Grindavík More Damaged Than Previously Thought Skip to content
Director of the Department of Civil Protection and Emergency Management, Víðir Reynisson
Photo: Golli. Víðir Reynisson.

Grindavík More Damaged Than Previously Thought

Rationing of hot water could become necessary in municipalities neighbouring Grindavík due to infrastructure damage,  the Department of Civil Protection and Emergency Management announced yesterday. Infrastructure repair will be time consuming and costly, RÚV reports.

The January 14 volcanic eruption near Grindavík destroyed three houses, caused crevasses to form across town, and displaced the 3,800 inhabitants for the foreseeable future. The town had already been evacuated once before, on November 10 last year, due to seismic activity. Grindavík residents await a government decision on how they can be helped while displaced.

Half of the hot water wasted

“This is a tricky situation,” Chief Superintendent Víðir Reynisson said. “The hot water runs through piping under the lava and the main pipe was destroyed. Fortunately a new one was being constructed and has been connected so that part of the town has hot water, but not all of it. Around half the water transported to Grindavík leaks out of the system.”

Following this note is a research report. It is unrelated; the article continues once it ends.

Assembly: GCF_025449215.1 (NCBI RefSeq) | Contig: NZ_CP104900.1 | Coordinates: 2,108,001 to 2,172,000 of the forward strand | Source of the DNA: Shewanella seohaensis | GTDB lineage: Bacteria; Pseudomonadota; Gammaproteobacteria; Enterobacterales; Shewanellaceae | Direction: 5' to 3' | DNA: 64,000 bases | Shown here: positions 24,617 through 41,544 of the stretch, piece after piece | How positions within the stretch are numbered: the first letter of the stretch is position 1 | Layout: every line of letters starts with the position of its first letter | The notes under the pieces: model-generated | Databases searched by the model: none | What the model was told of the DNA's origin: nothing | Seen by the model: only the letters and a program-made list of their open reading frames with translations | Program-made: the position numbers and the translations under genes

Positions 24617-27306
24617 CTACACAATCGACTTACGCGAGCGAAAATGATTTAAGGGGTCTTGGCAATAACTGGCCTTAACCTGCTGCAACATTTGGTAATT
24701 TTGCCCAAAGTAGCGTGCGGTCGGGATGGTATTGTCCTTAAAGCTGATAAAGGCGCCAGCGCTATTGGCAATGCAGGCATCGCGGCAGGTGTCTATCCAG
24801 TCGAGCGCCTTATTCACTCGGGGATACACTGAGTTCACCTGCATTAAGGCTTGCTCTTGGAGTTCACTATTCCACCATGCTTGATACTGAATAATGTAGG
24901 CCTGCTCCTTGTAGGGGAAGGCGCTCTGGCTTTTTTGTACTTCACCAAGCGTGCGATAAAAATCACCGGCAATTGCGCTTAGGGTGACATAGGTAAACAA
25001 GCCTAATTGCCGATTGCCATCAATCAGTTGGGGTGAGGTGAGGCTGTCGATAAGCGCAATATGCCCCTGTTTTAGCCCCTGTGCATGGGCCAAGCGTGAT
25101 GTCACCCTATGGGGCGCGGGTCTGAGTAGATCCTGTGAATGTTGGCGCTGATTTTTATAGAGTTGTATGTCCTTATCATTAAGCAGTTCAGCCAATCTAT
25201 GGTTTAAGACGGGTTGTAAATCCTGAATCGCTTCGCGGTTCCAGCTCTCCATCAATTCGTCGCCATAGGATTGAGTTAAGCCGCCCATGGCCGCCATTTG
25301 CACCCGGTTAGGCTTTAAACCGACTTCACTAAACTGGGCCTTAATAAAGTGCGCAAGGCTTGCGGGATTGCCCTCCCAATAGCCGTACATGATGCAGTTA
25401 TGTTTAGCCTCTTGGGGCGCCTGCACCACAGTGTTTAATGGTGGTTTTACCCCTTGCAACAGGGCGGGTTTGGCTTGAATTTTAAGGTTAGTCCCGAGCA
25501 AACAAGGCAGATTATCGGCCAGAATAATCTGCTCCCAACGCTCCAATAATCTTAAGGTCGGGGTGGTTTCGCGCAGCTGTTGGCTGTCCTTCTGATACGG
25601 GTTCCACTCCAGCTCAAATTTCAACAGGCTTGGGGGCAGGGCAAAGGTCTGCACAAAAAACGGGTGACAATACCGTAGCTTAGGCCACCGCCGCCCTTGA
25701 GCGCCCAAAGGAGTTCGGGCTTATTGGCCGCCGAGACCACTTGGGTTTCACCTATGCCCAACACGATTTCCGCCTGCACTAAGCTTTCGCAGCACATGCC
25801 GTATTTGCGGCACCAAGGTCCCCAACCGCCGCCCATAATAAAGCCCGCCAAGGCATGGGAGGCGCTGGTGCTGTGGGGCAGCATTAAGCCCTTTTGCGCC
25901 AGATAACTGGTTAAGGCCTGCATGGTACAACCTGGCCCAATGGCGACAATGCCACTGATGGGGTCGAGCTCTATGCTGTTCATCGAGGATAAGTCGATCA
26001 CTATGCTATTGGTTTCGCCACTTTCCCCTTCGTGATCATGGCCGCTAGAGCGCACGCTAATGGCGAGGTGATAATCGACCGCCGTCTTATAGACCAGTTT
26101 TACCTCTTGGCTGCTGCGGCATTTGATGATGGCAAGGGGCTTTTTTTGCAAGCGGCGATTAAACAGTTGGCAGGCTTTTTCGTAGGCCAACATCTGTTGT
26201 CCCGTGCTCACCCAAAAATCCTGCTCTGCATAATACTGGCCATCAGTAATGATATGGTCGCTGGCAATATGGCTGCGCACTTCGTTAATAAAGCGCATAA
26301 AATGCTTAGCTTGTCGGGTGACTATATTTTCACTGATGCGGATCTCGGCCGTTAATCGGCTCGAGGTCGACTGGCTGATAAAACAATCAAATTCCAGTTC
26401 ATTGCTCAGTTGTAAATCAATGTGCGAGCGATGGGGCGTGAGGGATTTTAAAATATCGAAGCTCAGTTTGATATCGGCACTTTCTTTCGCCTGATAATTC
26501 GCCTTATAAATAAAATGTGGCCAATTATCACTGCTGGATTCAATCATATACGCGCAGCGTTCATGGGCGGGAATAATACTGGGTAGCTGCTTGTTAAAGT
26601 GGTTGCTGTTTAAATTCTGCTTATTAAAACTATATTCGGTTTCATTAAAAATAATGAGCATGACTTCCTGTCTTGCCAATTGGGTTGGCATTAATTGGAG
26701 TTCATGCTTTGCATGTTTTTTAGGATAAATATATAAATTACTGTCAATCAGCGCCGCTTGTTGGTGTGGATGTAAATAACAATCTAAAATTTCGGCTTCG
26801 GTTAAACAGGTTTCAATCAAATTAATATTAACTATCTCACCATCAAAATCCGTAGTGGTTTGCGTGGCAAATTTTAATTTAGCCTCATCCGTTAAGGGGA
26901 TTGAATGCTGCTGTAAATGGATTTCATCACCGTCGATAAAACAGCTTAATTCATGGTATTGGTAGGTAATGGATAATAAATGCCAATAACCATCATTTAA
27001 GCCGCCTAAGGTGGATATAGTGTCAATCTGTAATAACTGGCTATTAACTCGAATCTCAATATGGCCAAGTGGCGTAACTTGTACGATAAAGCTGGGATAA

The nearby Svartsengi geothermal plant is operating at capacity, but due to leakage of 40 to 40 litres per second, other nearby municipalities may have to resort to rationing their hot water. In addition, no cold water is available in town, as the pipes have not been repaired. Therefore, fire hydrants in the area are out of commission.

Crevasse risks remain

Temporary wiring is being used for electricity, but it was disconnected yesterday due to a possible lightning storm. Most roads have been temporarily repaired, but many streets remain closed due to crevasse risks. Due to bad weather and other conditions on site, it has not been determined whether the temporary repairs are robust enough to hold. The situation in Grindavík is not good, according to the department, but the goal is to increase safety to the point where living and working in town becomes possible again.

The Icelandic Red Cross has set up a page with donation options for those wishing to lend support. This includes both one-time donations and repeat subscriptions.

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